When you break a municipal law, the local police come to arrest you. But what happens when you break international law? It’s no secret that laws and their enforcement are the result of politics. Unlike traditional law, which passed down by governments, international law is passed up by governments by consensus. It’s up to individual governments to hold themselves to those laws or more powerful countries to exert pressure towards enforcement.
Naturally, this means that international law is as much about power as it is about justice. Whenever a powerful country breaks an international treaty — the basis of international law — they make a legal argument that legitimize their over-reach of power. When they win a case before an international court, it often empowers states to use certain technologies or tactics that international law doesn’t adequately address.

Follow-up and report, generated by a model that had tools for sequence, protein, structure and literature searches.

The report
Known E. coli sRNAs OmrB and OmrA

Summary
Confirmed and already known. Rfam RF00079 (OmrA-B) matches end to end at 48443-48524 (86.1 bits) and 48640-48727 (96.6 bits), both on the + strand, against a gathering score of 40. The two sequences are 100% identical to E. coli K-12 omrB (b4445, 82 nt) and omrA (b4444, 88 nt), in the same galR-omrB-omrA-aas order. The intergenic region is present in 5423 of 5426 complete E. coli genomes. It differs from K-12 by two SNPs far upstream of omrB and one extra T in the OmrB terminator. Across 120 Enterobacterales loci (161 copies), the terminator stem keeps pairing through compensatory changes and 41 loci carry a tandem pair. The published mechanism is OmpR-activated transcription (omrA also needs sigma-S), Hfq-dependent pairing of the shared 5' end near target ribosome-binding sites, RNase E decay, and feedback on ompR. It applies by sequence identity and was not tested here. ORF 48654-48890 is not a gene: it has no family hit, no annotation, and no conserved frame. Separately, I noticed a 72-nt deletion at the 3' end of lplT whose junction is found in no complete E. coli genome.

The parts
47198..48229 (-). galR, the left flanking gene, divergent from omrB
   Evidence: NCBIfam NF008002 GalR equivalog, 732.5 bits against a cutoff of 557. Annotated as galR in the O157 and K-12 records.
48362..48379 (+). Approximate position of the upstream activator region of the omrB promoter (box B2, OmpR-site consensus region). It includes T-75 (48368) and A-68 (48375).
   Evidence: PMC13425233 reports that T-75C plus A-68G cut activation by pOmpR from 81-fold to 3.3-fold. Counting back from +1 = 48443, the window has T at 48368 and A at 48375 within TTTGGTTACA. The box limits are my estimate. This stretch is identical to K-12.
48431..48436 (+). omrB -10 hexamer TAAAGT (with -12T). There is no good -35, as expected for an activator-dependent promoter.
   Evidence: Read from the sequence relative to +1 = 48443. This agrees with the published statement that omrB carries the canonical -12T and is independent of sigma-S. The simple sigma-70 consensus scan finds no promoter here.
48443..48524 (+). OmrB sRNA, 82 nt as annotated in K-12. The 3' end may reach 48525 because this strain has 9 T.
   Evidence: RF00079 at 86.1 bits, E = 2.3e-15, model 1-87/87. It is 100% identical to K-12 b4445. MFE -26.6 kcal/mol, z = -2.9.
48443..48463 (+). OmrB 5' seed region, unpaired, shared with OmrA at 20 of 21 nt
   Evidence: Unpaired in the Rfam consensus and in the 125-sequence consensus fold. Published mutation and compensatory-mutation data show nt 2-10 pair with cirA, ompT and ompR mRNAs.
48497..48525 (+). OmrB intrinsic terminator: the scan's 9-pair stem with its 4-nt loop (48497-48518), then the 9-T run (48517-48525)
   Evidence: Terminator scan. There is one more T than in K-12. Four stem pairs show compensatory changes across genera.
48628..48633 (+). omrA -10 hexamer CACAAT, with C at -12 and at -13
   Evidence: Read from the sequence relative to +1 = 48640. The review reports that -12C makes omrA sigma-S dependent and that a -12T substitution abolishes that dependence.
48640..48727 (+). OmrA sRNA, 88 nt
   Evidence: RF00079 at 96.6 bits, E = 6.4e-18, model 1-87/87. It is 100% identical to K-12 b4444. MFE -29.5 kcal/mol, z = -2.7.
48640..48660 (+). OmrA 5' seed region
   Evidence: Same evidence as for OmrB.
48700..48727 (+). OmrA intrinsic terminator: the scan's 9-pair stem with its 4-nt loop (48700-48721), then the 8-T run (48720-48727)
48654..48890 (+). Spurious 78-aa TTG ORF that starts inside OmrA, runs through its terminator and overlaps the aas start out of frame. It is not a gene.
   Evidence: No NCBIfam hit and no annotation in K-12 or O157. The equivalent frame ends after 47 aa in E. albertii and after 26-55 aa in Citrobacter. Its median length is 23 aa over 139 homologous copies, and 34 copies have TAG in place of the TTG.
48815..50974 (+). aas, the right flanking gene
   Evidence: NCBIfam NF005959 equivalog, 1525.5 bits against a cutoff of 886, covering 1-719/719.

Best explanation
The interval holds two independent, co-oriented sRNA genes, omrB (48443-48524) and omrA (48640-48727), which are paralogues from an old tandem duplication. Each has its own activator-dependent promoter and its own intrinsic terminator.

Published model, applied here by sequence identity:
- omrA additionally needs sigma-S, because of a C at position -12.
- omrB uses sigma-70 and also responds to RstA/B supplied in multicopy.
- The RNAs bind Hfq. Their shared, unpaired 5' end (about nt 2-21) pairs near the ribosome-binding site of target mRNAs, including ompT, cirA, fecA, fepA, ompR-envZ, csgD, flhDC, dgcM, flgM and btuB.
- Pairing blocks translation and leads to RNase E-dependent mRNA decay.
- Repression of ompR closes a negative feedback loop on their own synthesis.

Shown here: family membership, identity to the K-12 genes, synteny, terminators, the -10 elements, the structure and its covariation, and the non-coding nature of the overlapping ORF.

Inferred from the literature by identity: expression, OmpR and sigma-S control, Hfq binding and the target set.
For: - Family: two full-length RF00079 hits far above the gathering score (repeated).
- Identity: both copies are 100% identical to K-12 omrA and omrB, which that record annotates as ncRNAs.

Ian Hurd is the director of Northwestern University’s International Studies Department. In his new book, How to Do Things with International Law, Hurd looks at how recent legal justification for war, torture, and drones only provide cover for the most powerful countries. Hurd joins Worldview to discuss how powerful governments abuse international law for foreign policy gain.